You’ve likely read the stats: People’s attention spans are dwindling fast (you can probably relate). Engaging online users as they land on your website or post-click landing page, and engaging them in such a short time frame, is a huge challenge for marketers. Fortunately, there are a few ways to capture someone’s attention in an instant and have them consider your offer.
The splash page is a common marketing asset to do just that.
The primary purpose of a splash page is to enhance the user’s experience by sharing specific information, feature a promotion, or show a disclaimer.
Our comprehensive guide, “What is a Splash Page?” is the perfect resource for any marketer seeking to enhance their users’ experience with a splash page.
In this splash page guide, you’ll learn:
- What splash pages are, how they’ve evolved over time, and how they allow you to interact with your visitors before the conversion happens
- How a splash page is different from your homepage and other post-click landing pages
- What components should be used when creating an effective splash page
- What your options are for creating an optimized splash page that your visitors will appreciate
To access the splash page guide, click the image above or visit a specific chapter below.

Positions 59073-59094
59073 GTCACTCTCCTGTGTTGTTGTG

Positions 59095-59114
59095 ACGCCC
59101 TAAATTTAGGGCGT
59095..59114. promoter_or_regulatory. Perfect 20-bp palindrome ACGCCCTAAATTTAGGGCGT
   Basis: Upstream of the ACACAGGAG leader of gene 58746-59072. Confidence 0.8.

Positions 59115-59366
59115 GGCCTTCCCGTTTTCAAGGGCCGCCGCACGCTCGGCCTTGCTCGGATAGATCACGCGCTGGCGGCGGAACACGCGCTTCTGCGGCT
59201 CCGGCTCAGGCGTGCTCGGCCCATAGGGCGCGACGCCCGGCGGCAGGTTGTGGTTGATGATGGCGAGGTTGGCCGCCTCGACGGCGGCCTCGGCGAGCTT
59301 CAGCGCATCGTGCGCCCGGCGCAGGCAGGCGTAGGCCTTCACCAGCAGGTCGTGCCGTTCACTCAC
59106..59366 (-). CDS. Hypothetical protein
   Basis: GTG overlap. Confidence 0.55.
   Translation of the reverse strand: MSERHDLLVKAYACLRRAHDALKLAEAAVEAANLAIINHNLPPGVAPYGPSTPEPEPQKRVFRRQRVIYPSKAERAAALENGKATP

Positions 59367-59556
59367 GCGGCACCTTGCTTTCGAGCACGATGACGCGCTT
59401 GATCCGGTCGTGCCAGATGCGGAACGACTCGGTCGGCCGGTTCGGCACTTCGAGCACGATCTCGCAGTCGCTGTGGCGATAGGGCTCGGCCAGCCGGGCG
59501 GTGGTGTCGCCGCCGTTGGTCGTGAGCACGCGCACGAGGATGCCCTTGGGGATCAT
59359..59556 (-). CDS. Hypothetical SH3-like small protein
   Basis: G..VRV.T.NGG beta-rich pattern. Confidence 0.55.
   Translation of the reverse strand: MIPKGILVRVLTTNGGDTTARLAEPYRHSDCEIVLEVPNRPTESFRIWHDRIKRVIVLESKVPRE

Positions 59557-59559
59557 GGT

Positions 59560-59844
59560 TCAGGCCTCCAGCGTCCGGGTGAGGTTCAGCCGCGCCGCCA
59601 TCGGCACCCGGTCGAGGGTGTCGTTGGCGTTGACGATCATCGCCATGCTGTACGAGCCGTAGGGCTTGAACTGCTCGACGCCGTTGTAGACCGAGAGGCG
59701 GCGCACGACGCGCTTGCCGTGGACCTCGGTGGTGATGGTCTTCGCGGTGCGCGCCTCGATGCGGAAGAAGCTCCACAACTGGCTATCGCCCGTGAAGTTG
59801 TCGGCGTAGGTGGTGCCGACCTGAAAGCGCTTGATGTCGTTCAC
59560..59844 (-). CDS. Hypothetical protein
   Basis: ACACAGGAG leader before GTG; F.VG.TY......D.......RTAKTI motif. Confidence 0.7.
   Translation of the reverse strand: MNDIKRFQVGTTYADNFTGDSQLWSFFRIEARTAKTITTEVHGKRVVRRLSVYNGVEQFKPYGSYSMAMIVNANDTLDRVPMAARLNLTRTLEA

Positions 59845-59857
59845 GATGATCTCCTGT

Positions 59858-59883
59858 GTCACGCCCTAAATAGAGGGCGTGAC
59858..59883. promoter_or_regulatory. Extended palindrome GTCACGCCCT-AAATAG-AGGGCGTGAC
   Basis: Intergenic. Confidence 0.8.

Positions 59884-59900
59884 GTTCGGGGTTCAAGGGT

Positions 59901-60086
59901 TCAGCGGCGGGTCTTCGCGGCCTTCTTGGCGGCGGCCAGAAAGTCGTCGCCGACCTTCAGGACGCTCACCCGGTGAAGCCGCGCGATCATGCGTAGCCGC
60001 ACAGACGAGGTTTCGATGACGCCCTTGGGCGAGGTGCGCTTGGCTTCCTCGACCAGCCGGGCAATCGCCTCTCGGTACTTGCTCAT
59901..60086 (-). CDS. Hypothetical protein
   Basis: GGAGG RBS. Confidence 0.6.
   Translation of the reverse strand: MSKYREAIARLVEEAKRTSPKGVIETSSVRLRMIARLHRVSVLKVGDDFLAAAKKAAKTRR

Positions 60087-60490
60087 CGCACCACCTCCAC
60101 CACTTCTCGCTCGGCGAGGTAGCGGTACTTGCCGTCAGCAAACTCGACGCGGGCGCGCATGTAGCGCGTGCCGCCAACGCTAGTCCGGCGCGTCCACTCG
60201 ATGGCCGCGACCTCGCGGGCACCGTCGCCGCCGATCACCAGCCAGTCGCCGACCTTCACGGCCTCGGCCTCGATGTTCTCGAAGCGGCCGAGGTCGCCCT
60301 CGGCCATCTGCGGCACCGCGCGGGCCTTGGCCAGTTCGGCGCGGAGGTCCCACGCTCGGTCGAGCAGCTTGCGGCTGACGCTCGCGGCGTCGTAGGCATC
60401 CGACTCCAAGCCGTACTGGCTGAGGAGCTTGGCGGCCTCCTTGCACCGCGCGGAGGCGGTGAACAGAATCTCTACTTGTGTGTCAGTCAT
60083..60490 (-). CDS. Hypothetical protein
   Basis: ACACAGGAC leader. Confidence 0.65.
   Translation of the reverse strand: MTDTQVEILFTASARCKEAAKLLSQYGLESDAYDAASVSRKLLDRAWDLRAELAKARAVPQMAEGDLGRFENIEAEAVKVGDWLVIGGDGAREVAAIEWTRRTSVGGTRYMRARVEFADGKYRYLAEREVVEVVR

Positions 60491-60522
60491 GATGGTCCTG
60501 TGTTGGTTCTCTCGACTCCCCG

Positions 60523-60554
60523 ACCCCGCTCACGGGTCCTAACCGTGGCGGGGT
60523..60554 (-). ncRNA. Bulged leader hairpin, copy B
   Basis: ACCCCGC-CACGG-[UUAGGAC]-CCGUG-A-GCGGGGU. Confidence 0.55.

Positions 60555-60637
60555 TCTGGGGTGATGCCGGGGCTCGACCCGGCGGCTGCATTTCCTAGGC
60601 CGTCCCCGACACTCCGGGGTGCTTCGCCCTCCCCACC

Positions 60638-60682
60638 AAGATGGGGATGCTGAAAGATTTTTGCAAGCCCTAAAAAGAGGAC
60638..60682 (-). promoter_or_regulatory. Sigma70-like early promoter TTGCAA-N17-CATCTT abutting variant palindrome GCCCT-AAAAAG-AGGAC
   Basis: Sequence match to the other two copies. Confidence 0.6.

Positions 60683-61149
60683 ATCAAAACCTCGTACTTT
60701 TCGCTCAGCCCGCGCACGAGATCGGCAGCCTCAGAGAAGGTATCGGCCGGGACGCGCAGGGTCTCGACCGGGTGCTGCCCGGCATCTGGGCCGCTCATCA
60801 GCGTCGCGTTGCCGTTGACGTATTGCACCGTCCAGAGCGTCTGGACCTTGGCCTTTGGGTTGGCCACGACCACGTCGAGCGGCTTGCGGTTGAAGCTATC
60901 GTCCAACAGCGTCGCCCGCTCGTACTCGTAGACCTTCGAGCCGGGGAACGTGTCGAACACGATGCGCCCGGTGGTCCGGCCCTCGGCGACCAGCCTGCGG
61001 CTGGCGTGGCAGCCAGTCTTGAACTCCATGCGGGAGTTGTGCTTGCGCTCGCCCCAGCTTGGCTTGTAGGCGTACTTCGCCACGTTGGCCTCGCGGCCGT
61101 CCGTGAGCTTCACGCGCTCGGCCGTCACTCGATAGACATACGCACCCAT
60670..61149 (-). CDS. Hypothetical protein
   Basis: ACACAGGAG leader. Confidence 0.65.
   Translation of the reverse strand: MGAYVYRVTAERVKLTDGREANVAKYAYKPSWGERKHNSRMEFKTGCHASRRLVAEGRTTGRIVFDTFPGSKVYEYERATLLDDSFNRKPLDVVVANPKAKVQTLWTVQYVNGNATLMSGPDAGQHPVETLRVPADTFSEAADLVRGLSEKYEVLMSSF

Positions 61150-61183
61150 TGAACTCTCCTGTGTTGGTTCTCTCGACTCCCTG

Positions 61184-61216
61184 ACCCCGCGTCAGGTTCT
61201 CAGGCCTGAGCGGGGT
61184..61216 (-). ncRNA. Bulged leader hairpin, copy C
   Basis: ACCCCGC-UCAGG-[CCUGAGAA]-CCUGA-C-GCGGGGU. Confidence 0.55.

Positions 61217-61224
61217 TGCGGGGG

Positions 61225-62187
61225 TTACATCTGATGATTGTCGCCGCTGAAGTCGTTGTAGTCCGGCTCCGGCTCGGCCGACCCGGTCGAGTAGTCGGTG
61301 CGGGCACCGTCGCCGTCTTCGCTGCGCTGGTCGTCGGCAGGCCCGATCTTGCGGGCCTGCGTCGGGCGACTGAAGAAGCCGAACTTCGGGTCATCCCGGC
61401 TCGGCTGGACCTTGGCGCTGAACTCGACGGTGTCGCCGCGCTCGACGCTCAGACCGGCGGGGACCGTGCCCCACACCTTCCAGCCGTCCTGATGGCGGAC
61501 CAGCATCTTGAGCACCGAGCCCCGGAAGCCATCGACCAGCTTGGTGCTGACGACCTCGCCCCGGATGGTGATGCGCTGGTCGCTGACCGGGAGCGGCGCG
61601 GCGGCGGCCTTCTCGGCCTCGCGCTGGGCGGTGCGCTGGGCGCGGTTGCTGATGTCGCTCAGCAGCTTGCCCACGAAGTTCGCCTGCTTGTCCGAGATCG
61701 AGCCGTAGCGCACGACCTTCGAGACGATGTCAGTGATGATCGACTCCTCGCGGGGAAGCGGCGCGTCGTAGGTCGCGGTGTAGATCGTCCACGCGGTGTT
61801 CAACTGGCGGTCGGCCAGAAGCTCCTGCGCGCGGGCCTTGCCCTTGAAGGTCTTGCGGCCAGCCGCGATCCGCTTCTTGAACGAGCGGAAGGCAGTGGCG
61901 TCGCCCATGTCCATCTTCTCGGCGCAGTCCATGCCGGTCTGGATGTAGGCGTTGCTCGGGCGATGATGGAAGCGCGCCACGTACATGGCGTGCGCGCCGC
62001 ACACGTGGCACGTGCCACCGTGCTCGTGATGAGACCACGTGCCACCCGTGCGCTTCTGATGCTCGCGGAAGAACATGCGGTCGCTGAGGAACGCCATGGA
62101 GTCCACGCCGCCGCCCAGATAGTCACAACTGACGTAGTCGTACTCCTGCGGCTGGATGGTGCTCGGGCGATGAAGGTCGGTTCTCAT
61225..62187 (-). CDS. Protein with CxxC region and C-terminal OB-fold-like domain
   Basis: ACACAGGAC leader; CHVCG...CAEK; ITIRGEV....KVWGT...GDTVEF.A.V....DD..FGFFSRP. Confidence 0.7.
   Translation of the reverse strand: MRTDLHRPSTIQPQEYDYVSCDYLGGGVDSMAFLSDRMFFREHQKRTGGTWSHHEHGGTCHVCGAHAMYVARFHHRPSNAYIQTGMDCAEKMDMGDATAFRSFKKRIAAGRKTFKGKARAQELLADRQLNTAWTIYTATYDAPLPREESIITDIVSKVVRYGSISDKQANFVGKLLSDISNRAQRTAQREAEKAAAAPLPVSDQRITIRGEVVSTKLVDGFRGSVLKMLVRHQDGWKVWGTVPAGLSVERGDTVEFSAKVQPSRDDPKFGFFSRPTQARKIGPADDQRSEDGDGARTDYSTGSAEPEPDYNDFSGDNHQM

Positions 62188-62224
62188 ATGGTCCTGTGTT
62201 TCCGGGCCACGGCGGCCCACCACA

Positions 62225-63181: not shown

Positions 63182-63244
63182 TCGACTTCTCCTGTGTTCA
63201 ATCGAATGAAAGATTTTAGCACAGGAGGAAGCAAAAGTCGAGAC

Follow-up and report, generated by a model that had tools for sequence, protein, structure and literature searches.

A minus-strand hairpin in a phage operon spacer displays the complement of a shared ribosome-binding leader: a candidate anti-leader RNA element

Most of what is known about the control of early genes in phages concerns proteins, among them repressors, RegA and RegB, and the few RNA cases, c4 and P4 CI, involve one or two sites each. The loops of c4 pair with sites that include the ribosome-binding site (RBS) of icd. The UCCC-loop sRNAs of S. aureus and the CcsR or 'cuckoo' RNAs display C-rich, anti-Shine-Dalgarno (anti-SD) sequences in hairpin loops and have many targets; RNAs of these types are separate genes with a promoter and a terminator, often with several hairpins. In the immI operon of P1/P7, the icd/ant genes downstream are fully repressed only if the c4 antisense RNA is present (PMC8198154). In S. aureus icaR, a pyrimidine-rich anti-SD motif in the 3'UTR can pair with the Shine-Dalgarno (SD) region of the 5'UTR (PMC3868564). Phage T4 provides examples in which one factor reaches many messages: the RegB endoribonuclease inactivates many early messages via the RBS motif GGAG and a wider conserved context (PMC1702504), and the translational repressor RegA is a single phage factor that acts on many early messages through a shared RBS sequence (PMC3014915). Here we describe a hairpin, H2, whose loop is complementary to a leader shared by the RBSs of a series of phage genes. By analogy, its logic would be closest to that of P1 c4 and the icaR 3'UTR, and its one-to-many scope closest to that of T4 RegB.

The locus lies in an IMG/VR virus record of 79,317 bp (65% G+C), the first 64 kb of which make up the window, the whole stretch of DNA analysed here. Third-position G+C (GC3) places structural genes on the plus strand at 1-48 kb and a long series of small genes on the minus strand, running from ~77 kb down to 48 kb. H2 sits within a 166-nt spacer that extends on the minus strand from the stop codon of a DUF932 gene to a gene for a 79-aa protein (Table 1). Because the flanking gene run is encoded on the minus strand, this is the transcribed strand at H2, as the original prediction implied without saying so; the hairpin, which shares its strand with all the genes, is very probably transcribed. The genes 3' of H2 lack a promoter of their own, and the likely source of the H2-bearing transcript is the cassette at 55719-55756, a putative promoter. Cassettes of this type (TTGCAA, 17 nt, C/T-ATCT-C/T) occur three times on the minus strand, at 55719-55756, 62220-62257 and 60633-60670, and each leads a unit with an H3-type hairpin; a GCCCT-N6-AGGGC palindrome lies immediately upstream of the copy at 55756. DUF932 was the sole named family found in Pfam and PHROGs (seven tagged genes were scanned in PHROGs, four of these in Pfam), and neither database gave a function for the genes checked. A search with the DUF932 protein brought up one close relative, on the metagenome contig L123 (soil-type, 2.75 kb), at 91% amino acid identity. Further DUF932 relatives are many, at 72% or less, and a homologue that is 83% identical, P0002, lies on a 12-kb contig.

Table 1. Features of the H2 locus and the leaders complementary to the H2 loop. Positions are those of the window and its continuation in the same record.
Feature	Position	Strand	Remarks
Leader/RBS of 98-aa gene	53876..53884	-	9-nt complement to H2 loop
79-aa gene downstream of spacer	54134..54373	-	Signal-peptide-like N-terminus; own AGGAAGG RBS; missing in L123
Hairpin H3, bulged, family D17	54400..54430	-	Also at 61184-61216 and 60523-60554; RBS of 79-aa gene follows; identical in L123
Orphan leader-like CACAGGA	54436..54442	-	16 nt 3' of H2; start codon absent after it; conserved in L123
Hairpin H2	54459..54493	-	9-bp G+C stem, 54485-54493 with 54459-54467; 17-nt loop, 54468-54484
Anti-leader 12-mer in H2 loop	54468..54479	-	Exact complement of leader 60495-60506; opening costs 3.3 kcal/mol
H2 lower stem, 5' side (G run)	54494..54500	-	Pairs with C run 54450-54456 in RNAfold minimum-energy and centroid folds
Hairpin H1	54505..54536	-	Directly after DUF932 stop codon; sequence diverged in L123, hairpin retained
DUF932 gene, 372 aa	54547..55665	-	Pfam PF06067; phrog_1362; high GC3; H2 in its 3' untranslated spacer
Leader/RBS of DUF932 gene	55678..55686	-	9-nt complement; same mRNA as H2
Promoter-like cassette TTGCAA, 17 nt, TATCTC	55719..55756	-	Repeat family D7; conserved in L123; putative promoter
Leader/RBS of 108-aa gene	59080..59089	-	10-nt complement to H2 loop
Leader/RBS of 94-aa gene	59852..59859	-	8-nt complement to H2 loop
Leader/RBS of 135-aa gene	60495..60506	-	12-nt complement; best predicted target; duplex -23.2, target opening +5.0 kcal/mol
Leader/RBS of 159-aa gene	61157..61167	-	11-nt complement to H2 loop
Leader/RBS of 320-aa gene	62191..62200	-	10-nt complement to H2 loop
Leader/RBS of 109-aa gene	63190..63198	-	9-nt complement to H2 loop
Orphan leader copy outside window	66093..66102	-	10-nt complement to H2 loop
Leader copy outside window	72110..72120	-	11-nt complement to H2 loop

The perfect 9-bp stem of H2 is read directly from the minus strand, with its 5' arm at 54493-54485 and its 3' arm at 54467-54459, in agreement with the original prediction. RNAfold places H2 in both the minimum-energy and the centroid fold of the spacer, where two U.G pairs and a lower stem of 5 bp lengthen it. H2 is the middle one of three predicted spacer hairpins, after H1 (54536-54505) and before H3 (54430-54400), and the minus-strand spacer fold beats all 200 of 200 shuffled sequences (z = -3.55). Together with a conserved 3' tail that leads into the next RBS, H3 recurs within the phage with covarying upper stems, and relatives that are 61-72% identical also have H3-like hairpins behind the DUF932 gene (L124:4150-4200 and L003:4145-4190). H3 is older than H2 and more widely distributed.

Chapter 1 provides an overview of splash pages and how they have evolved over time. They used to be flashy screens for visitors to look at while they waited for another page to load. Now, modern splash pages are used as a way to enhance the user’s experience. The chapter concludes by showing a few big-name brands and how they use splash pages as the gateway to their website.
Not all post-click landing pages are created equal, as Chapter 2 breaks down the differences between splash pages, post-click landing pages, and the website homepage. The chapter provides specific examples of splash pages that feature a disclaimer, a report download, and language selection.
A splash page only requires two main components: a message and an exit. Although there is no perfect splash page design, an optimized page should also include a few key elements to stop visitors in their tracks and persuade them to take action. Learn what those are, here in chapter 3.
This final chapter explains the two primary ways to create splash pages. By using professional, pre-optimized templates and a design-friendly post-click landing page platform like Instapage, this task can be a quick and easy one.
Review the Instapage splash page guide today
When designed correctly, splash pages can enhance the user’s experience and provide valuable information. With our splash page guide, we’re confident that you’ll understand their significance to digital marketing and how to create your optimized page.
Refer to the guide as necessary throughout the splash page design process and share it with other marketers looking to improve their user experience as well.